I started work with coffee from Hampton Market, a bodega bravely standing between a Dunkin’ Donuts and a Starbucks. At 7:15 a.m., a local elected official brought us a batch of chocolate chip cookies in two empty yogurt containers. Not long after, Veniero’s opened and I dashed over for some breakfast rugelach. At lunchtime, I headed across the playground to Russo’s for a mozzarella sandwich, followed by an afternoon coffee from the nearby outpost of the Porto Rico Importing Co. It was a diet prescribed by proximity.

If this was the ideal vantage point for folding-chair anthropology, it’s one particular to a small subset of urban polling places. Being inside offered a different sense of the neighborhood. The district I worked is one of the smallest in America; its 700 voters live in just one–one-hundredth of a square mile. Manning the voter rolls fulfilled the curious urbanite’s fantasy: Either in name or in person, I was introduced to the (citizen) population of an entire city block.

I started to recognize particular people. There was an old couple in our district in their 90s who had showed up arm-in-arm to every election since I started working, and surely many before. They had lived in the East Village since the Eisenhower administration. It was hardly breakfast time when I began to worry that they wouldn’t show up, or that one would come without the other.

I never felt much different from one election to the next, but the world seemed set on reminding me that it had been a long 10 months since I was last here. “I remember you from last year,” said a voter herding two kids toward my desk as I found her name in the rolls. This old routine shrank the interval to nothing. And yet: Her son and daughter, though still eager for “I voted” stickers, had counted a great fraction of their lives in those seasons.

For the oldest voters, like the youngest, the wedge of intervening days holds value. When the elderly couple finally approached on the day of the gubernatorial primary, I abandoned door duty in order to be at the table when they arrived and let them know that I remembered them by name. “We’ll see how many more of these we can make,” the man said. He was demure in a denim shirt, khakis, and a hat; she elegant in black slacks, a polka-dot jacket, and a black-and-white hat.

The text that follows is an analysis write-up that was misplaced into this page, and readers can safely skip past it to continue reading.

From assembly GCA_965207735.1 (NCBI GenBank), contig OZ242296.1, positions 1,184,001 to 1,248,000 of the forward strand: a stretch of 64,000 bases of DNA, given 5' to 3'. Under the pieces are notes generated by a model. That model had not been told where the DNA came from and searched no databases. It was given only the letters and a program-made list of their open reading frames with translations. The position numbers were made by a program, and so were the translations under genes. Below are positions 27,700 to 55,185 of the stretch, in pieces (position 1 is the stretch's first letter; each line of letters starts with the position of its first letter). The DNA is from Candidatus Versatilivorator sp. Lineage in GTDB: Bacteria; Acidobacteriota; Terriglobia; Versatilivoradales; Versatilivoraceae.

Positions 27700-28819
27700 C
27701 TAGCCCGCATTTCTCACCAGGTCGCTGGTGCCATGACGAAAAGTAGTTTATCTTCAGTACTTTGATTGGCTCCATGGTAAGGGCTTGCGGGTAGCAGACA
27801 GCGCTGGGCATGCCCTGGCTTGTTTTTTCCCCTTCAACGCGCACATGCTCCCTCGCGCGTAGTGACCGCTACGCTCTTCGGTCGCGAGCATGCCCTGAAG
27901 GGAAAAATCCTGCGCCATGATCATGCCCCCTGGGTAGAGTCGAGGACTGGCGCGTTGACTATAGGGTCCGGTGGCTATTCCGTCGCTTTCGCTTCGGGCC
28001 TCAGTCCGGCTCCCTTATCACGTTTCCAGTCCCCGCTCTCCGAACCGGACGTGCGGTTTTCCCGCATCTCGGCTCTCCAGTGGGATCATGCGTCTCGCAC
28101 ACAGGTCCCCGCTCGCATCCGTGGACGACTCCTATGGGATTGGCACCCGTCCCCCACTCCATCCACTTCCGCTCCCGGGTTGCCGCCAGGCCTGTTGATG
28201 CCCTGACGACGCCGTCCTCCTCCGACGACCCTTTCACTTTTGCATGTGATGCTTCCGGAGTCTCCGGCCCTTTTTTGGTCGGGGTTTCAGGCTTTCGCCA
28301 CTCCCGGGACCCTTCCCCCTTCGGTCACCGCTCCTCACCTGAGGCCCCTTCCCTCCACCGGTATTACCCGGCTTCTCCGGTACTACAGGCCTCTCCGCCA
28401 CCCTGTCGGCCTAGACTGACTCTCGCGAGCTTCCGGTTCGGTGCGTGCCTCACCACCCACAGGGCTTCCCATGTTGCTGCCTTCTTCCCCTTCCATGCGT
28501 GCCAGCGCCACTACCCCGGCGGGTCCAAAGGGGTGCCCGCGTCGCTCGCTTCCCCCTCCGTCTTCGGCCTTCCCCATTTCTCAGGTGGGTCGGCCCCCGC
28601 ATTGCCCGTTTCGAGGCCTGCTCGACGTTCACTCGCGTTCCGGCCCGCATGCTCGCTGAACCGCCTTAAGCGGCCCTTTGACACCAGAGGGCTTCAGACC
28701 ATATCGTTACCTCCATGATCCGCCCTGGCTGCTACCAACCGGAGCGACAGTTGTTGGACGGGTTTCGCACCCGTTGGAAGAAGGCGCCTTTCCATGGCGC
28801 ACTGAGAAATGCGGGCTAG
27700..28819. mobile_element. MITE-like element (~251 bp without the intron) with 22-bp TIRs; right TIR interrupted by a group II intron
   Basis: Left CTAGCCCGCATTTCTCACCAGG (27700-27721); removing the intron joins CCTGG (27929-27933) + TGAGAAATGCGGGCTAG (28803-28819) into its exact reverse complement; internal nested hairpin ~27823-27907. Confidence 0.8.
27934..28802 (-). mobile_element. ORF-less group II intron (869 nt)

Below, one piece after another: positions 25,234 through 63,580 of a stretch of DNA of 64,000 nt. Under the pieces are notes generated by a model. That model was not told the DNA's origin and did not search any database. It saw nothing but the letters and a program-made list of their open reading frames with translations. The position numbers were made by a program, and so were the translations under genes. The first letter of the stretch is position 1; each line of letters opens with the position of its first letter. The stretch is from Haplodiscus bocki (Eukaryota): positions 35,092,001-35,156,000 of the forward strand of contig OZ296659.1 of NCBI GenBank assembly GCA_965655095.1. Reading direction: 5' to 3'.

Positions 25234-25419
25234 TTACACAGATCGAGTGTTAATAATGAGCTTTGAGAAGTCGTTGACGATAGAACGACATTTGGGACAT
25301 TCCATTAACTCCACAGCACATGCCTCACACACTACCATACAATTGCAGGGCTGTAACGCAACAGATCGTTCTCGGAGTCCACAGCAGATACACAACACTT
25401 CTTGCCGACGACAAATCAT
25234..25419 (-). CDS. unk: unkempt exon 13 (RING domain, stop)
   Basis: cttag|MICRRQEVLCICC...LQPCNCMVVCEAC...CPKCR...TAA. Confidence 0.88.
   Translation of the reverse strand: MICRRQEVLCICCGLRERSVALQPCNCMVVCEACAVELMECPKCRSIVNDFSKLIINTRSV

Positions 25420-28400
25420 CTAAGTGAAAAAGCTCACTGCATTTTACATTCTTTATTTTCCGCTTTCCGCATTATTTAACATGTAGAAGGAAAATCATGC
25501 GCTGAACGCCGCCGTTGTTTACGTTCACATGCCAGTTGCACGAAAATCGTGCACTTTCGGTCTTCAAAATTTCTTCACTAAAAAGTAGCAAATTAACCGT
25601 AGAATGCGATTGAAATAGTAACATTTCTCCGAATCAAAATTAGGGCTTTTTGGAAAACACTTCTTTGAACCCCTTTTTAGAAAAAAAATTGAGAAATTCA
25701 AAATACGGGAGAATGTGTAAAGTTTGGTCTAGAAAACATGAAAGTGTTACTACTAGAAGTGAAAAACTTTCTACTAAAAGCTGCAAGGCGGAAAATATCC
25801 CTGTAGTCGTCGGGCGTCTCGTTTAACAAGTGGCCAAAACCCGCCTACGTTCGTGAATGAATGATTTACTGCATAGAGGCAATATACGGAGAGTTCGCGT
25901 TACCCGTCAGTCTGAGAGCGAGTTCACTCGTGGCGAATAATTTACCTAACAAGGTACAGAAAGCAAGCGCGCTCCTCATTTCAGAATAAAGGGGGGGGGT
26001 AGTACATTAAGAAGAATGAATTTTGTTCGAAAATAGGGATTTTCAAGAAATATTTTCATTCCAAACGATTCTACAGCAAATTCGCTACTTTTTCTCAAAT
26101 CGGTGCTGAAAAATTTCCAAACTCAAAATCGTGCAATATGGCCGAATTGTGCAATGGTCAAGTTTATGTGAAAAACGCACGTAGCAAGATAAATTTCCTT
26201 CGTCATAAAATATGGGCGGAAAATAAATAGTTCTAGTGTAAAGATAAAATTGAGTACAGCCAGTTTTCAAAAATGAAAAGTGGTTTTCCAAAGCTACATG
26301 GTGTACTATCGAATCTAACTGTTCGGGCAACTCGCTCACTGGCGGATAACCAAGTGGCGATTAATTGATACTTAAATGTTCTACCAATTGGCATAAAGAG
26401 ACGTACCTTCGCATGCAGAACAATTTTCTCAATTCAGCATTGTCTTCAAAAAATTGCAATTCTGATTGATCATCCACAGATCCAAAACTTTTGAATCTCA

“We like the lever,” he said of New York’s old mechanical voting machines, when I handed him a paper ballot with three tiny ovals. “We still use two soup cans and a string for a telephone. Worked great during Hurricane Sandy!”

He passed away the next summer. Only then did I learn that the couple spent the summer in the same beach town where I, as a kid, spent mine. I saw his obituary posted on a bulletin board next to the lifeguard hours. I learned other things about his life. That he had proudly commanded a mixed-race unit in World War II while the Army was still segregated. That he had been an Academy Award–nominated film producer and, with his wife, the recipient of a James Beard Award for a cookbook. That he was from the Bronx, and she from Brooklyn—“a mixed marriage,” he quipped to a newspaper reporter. They had always been just two names in my book, waiting for signatures.

As the day wound down, I took up my perch outside. The custodian of the senior center swept up coffee cups and cigarette butts, and sloshed a puddle out of the curb cut. A handful of older men assembled their electric wheelchairs across the street, transistor radios murmuring in the dusk, to watch the people go by.

It reminded the custodian of fire drills. He had to post the times in advance, and the more vigilant residents trudged out to the street 10 minutes before the alarm sounded. The others removed their hearing aids and remained inside, ignoring the sirens. “Stuck in the anti-conformity of the ’60s,” he groused. “Just don’t expect me to put you on my back.”